The Golden Age Is Not Behind Us But Before Us
There is no nation, race, creed or religion, where the idea of the Golden Age has not existed. The English people ascribe the characteristics of a golden age to the Age of Queen Elizabeth, the French to the Age of Loius XIV, Greeks to the Age of Pericles, Romans to the Age of Augustus, Israelites to the Age of King Solomon, Indians to the Age of Guptas, and the Chinese to the Age of Ming. In the religious sense also the idea of the Golden Age has been shared by the people of all creeds, in some form or others. The Hindus speak of their Satyuga; the Christians of their Millennium, the followers of the Prophet of Arabia look back to their period of ascendancy, when they had their empires far-flung in the East as well as in the West, in Europe as well as in Asia.
The Golden Age is unanimously conceived to be a period of all-around perfection, of interminable peace and plenty, progress and prosperity. It is a time of maximum harvest, both intellectual and material. It is an era of great awakening, of glory and sunshine, of immense fertility and originality in all spheres of human activity. It is a spring time, as it were, when the creative activity of the human mind finds its expression in various forms, such as art and literature, science and philosophy, culture and civilization.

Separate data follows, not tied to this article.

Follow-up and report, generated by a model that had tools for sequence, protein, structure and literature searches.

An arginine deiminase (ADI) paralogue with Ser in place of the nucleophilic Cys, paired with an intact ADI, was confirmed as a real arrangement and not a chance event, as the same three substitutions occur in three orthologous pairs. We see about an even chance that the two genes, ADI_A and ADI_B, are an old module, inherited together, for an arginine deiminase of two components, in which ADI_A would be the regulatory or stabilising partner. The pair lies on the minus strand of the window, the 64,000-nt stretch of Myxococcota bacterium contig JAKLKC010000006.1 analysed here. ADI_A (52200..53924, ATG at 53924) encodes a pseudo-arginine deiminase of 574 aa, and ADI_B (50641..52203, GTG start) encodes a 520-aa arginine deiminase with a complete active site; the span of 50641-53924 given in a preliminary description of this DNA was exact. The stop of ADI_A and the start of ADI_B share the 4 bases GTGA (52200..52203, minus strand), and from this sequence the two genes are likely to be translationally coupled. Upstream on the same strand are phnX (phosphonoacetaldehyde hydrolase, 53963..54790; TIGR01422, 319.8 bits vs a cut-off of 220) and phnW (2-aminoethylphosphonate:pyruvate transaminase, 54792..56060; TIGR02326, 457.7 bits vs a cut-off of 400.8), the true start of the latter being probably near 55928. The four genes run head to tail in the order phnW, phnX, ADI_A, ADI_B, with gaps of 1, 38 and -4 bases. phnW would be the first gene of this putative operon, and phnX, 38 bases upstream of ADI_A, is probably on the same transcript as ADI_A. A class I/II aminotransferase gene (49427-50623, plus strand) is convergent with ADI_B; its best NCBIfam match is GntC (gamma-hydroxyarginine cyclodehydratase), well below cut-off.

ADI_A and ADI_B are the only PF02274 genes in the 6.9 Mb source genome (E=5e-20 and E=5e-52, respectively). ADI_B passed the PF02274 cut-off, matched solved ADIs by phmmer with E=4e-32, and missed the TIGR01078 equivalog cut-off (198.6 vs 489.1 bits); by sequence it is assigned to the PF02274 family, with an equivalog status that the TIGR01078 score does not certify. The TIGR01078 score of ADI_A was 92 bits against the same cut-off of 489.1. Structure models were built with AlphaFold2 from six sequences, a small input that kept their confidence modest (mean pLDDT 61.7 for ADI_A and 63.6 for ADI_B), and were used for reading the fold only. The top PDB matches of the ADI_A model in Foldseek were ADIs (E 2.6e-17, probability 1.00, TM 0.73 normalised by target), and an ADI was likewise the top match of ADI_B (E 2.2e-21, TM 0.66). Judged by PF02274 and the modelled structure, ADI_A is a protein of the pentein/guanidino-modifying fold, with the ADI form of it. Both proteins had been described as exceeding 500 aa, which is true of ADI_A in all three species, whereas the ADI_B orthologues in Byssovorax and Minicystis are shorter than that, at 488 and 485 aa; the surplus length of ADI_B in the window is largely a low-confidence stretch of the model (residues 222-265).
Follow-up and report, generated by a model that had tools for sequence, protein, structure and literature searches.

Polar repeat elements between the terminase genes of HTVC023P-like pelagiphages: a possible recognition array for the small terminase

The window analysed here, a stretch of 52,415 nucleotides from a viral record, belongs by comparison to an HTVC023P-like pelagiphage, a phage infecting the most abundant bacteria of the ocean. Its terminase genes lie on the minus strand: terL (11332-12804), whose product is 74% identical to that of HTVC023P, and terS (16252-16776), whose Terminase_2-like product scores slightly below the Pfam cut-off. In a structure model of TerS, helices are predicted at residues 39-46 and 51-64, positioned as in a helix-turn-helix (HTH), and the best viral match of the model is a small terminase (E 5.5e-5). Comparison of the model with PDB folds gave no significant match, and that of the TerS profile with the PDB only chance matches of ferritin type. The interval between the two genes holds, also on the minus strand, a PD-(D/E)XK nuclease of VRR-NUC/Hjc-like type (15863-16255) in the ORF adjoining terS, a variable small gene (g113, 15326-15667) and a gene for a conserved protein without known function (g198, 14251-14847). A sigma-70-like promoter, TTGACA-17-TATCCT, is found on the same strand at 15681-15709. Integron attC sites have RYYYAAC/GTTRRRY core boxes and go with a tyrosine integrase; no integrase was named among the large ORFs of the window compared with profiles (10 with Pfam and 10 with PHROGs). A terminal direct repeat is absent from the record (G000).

As depicted by Thomas More in his “Utopia” the Golden Age is the vision of an ideal State which is founded on perfect equality and liberty, in which there is no religious intolerance, no distinction between the rich and the poor, no racial pride and arrogance, no tyranny, no oppression, no exploitation and no injustice. Similarly, Shelley in his “Prometheus Unbound” pictures the man of the Golden Ages as “sceptreless, free, uncircumscribed, equal, unclassed, tribless and cosmopolitan”....